Having been in power for closely two years, and vice president for close to four years under Ian Khama’s shadow, he should have at least gotten a good understanding of the problems we face as a country.
The four years was internship to master the crux of the sources of the problems that this country has. He should have developed a pipeline of policies to revamp, programmes to introduce and a team of able Batswana to assist him in bringing about solutions for the country. He now finds himself under pressure, pressure that he could have managed beforehand because the country no longer want to be told blame the previous government. Batswana have lost patience, and they can no longer be told of transformation they can’t witness.
What is of interest to Batswana is being able to find meaningful jobs, seeing projects being delivered and them being given an equal opportunity in government tenders. The daily unemployment trauma of walking around with brown envelopes looking for jobs faces graduates. Each year UB, Ba Isago, Limkokwing, Botho, Botswana Accounwwtancy Collegeand Gaborone Law School and others spit out 10, 000 plus of them into the streets. And this 10, 000 finds already a queue of graduates who graduated five years before them.
Citizens are no longer interests about fights with Ian Khama by the Masisi administration. They are not concerned about the number plates the former President uses. Neither are there buying imagined threats on Masisi’s life. All they are concerned with is how Masisi is attending to the pressing national interests. As previously discussed here, the SONA and the budget speech missed the opportunity to sell the ideas, which our government wants to better the lives of Batswana. They have failed to seize the moment, and now the moment has seized them. Batswana are demanding for jobs. It is no longer business as usual.
The State of the Nation (SONA) earlier in the year and now the budget speech as it has been typical of BDP administrations, went retro on some romantic past, being boastful about some insignificant progress of the past 54 years. Credit has to go where it’s due, but we can’t be praising fish for being able to swim. We can’t be praising the Botswana Democratic Party (BDP) of having built clinics. Who did they expect them to build them when they have been the ruling party for 54 years? That is the bare minimum we had expected from them. A critical assessment of the current situation should have resulted in well thought out policy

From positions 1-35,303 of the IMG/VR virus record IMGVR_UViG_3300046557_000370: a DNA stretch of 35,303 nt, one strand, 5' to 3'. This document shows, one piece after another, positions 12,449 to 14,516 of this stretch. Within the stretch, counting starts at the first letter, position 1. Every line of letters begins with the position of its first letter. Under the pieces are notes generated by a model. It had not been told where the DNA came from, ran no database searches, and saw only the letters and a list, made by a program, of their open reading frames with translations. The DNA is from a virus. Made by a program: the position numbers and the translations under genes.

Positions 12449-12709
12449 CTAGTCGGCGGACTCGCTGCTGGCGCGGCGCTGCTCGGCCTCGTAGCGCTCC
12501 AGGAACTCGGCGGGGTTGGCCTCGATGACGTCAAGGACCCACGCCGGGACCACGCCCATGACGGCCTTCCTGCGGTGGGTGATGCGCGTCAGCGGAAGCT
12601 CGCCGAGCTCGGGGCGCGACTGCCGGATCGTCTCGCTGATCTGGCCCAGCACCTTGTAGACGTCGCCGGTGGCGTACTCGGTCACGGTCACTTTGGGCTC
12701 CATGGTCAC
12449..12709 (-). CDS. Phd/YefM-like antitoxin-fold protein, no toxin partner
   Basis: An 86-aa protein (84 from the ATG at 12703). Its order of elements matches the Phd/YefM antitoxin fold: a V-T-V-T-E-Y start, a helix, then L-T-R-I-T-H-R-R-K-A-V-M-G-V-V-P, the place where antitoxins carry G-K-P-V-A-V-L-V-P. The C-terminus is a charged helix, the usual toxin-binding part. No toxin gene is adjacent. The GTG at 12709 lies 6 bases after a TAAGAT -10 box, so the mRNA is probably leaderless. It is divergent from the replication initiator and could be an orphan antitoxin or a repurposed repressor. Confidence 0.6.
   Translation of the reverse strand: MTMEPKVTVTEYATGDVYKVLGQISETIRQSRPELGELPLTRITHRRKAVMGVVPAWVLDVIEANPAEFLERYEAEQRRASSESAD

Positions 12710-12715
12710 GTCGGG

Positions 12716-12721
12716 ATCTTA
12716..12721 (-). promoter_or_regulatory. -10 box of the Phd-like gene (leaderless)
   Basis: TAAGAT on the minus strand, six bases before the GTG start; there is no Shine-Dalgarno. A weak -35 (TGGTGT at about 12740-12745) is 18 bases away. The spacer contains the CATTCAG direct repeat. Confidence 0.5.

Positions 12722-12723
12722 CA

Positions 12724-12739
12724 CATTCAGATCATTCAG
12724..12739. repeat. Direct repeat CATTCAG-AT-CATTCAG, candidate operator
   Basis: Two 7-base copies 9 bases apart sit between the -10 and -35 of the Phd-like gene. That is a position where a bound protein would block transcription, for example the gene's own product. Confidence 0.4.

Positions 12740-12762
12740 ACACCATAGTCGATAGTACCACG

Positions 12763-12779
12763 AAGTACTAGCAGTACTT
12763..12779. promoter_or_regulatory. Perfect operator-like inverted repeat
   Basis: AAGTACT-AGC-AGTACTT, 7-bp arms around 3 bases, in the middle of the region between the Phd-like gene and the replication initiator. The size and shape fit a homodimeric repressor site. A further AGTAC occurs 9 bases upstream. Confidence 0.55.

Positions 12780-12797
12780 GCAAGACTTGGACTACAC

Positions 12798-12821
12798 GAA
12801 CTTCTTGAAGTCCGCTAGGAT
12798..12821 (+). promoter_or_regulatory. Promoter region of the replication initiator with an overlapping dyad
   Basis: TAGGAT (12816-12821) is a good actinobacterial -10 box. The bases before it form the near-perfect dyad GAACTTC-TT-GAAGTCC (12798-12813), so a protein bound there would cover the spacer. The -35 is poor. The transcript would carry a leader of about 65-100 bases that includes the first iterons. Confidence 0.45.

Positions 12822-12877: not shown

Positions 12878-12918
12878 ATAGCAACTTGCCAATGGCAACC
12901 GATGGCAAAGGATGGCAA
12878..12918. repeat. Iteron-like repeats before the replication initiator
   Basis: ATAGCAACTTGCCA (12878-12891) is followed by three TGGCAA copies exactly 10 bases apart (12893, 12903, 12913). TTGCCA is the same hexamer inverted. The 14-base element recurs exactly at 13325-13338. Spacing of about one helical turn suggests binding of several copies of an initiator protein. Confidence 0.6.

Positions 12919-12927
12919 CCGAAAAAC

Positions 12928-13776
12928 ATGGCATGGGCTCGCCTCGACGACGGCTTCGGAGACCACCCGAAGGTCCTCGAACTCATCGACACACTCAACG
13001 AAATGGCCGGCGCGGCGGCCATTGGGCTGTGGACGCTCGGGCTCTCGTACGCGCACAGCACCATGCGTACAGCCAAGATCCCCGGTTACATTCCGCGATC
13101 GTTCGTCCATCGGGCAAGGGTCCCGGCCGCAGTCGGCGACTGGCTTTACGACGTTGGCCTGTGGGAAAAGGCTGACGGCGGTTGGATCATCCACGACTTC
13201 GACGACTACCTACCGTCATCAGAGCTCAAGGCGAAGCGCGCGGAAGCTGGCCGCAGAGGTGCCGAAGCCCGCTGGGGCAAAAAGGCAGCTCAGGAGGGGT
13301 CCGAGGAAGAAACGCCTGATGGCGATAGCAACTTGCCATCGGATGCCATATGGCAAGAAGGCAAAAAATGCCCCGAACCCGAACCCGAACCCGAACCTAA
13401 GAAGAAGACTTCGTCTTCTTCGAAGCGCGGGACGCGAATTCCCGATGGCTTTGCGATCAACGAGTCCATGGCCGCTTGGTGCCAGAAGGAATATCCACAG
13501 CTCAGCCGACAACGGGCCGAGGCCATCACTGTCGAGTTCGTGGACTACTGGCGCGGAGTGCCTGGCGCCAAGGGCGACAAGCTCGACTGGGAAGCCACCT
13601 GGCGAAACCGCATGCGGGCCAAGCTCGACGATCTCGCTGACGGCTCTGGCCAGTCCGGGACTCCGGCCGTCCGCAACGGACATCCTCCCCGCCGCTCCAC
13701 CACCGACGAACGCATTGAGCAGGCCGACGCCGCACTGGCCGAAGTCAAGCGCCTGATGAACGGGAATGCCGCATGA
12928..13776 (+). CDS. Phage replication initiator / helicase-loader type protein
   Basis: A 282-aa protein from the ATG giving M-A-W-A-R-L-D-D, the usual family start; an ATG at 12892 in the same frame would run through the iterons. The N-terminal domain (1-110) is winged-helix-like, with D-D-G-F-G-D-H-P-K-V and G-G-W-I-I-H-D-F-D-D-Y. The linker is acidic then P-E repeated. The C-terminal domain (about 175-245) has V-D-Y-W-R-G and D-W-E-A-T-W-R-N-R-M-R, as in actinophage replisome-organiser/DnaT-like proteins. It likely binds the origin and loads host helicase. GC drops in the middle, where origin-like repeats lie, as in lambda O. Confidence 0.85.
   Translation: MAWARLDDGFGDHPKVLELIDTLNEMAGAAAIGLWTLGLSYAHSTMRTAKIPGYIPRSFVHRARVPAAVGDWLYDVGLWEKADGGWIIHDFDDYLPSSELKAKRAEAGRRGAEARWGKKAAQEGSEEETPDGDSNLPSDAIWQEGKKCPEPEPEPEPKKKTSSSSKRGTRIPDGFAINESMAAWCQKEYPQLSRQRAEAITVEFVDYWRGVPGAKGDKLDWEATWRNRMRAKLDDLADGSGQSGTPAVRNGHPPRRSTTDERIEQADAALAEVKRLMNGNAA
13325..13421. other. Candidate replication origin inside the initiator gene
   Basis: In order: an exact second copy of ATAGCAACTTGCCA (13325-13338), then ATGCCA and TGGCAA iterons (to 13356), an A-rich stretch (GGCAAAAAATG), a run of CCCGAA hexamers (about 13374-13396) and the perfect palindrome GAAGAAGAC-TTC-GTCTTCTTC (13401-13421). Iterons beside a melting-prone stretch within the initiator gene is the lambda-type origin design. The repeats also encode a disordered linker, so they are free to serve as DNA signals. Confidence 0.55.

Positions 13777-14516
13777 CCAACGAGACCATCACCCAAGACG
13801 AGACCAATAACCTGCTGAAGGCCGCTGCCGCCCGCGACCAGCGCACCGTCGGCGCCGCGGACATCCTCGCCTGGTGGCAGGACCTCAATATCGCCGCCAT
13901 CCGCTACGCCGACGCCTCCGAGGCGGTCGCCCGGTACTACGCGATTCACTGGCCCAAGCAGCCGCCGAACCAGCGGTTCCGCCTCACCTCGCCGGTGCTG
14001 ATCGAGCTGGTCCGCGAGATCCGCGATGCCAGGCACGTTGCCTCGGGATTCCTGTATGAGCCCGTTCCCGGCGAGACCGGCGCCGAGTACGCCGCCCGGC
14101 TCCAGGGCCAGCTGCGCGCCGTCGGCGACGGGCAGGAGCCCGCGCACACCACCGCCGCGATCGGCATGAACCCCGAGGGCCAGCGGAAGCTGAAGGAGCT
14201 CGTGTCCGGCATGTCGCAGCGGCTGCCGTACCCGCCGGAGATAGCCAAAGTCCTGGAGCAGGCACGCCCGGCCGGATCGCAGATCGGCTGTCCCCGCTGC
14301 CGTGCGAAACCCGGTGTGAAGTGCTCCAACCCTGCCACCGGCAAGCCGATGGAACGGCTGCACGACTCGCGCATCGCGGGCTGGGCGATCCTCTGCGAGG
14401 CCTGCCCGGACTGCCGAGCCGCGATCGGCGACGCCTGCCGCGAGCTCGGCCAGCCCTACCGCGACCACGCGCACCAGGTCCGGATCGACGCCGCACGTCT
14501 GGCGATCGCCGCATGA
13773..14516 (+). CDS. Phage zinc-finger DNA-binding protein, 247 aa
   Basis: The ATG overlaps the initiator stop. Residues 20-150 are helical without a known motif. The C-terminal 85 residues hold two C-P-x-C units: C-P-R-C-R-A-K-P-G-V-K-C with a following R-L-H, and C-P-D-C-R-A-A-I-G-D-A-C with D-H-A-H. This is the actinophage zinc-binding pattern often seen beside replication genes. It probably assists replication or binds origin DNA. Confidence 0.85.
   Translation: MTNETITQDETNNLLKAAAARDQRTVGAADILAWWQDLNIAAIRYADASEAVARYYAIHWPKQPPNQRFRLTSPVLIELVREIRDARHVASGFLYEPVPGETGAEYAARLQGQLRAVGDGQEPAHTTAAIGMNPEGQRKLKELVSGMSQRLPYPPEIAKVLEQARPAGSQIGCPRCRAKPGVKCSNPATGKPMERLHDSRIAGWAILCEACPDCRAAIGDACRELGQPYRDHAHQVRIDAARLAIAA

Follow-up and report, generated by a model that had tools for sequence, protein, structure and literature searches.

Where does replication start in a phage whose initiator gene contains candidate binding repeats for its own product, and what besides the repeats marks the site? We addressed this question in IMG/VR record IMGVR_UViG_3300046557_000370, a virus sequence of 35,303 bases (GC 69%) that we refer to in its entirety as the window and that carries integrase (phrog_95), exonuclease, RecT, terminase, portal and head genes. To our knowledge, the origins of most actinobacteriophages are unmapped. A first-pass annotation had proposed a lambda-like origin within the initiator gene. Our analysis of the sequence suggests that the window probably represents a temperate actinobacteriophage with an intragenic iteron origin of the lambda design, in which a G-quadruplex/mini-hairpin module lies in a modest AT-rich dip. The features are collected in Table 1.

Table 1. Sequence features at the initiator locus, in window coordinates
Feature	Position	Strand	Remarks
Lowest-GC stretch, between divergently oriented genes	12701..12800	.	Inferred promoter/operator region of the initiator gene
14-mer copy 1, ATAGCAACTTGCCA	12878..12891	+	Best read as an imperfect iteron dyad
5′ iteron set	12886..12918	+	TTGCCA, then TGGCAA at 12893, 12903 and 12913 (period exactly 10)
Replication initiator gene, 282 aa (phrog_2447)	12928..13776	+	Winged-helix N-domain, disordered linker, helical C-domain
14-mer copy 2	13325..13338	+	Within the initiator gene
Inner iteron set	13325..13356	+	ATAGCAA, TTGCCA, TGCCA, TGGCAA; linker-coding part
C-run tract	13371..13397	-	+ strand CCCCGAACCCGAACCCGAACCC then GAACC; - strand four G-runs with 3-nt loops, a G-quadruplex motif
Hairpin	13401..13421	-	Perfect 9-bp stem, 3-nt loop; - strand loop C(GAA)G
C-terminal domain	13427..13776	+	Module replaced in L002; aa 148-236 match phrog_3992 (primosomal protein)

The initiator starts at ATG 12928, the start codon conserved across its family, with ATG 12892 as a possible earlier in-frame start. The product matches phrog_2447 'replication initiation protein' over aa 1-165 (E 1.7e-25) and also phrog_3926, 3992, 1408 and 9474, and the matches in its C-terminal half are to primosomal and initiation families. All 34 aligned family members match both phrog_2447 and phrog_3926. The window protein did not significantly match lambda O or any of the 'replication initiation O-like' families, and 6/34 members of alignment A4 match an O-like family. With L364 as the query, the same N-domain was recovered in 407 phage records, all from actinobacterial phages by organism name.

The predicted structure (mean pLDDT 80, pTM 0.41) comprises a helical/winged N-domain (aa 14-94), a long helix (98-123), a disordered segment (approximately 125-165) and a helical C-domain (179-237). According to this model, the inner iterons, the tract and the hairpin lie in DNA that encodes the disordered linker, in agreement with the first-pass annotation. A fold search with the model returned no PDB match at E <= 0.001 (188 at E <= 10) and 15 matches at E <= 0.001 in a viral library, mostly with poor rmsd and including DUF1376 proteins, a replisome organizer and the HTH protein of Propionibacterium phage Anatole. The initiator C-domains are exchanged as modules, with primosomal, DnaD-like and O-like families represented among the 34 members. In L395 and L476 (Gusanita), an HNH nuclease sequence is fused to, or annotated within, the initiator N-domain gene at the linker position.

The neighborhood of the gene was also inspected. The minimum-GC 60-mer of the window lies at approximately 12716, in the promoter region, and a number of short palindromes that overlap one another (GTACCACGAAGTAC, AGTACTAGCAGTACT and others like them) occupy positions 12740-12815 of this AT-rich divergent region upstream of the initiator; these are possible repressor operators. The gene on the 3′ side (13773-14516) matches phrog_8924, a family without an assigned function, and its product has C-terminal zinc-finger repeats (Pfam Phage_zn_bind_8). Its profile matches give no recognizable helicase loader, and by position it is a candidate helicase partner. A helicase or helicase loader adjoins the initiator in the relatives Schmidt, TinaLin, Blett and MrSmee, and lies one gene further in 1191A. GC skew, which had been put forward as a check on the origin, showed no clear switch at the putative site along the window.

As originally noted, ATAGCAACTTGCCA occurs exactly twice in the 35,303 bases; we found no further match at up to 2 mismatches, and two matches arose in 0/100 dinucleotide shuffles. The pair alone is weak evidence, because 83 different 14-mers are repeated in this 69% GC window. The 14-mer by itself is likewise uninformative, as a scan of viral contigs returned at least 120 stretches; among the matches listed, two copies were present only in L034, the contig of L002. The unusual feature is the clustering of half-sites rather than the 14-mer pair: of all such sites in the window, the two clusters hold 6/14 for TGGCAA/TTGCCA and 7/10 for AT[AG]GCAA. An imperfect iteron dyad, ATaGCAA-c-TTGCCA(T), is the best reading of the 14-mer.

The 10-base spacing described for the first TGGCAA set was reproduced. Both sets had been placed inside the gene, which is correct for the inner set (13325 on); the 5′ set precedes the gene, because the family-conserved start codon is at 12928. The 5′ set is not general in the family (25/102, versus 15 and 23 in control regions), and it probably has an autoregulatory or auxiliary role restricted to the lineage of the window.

To not report back on the Economic Stimulus Package (ESP) programme in detail and then talk of transformation is mischievous. Why didn’t the stimulus package work? Where the projects not for a strict period of which by now they should have been completed? Maybe not talking about in detail was to conveniently put it in the back banner of Batswana so as to avoid being scrutinised about the corruption that went with it. Chinese companies are known to have been given ESP projects. How do you stimulate the local economy by giving contracts to foreign companies? Isn’t it obvious that all proceeds of the contracts will leave the country immediately leaving nothing for the local economy to be stimulated?
To talk of corruption and then bring back to cabinet some faces associated with corruption shows insincerity. It is dishonesty. A complete disrespect to the public. The anti-corruption theme that the SONA and Budget speech spoke to was downright a lie. Unless this administration perceives investigating those that oppose this administration as the only definition of addressing corruption. The fact that they are Ministers with corruption files at the DCEC or have had their files mysteriously closed for investigation will inevitably undermine whatever the President will say about fighting corruption. However, lyrical the SONA and budget speech were on corruption, the public can only judge on implementation.
There is a general feeling that this administration lacks cohesion, and that the President’s power is diminishing. He is not respected.Territorial jealousies are developing between the DCEC and the DIS at the detriment of the country. Peter Magosi and Joseph Mathambo are at each other’s throats.
A silo mentality is developing within government, with each department making pronouncements as in when it suits each one of them in the process embarrassing government.
Masisi and his economic officer, Dr Thapelo Matsheka, so far have demonstrated their lack of knowledge in growing the economy, creating jobs and bringing about the transformation they preach about. They missed the opportunity with the SONA and budget speech to sell a new vision for Botswana and deliver on the promise that it is “easy with Masisi”.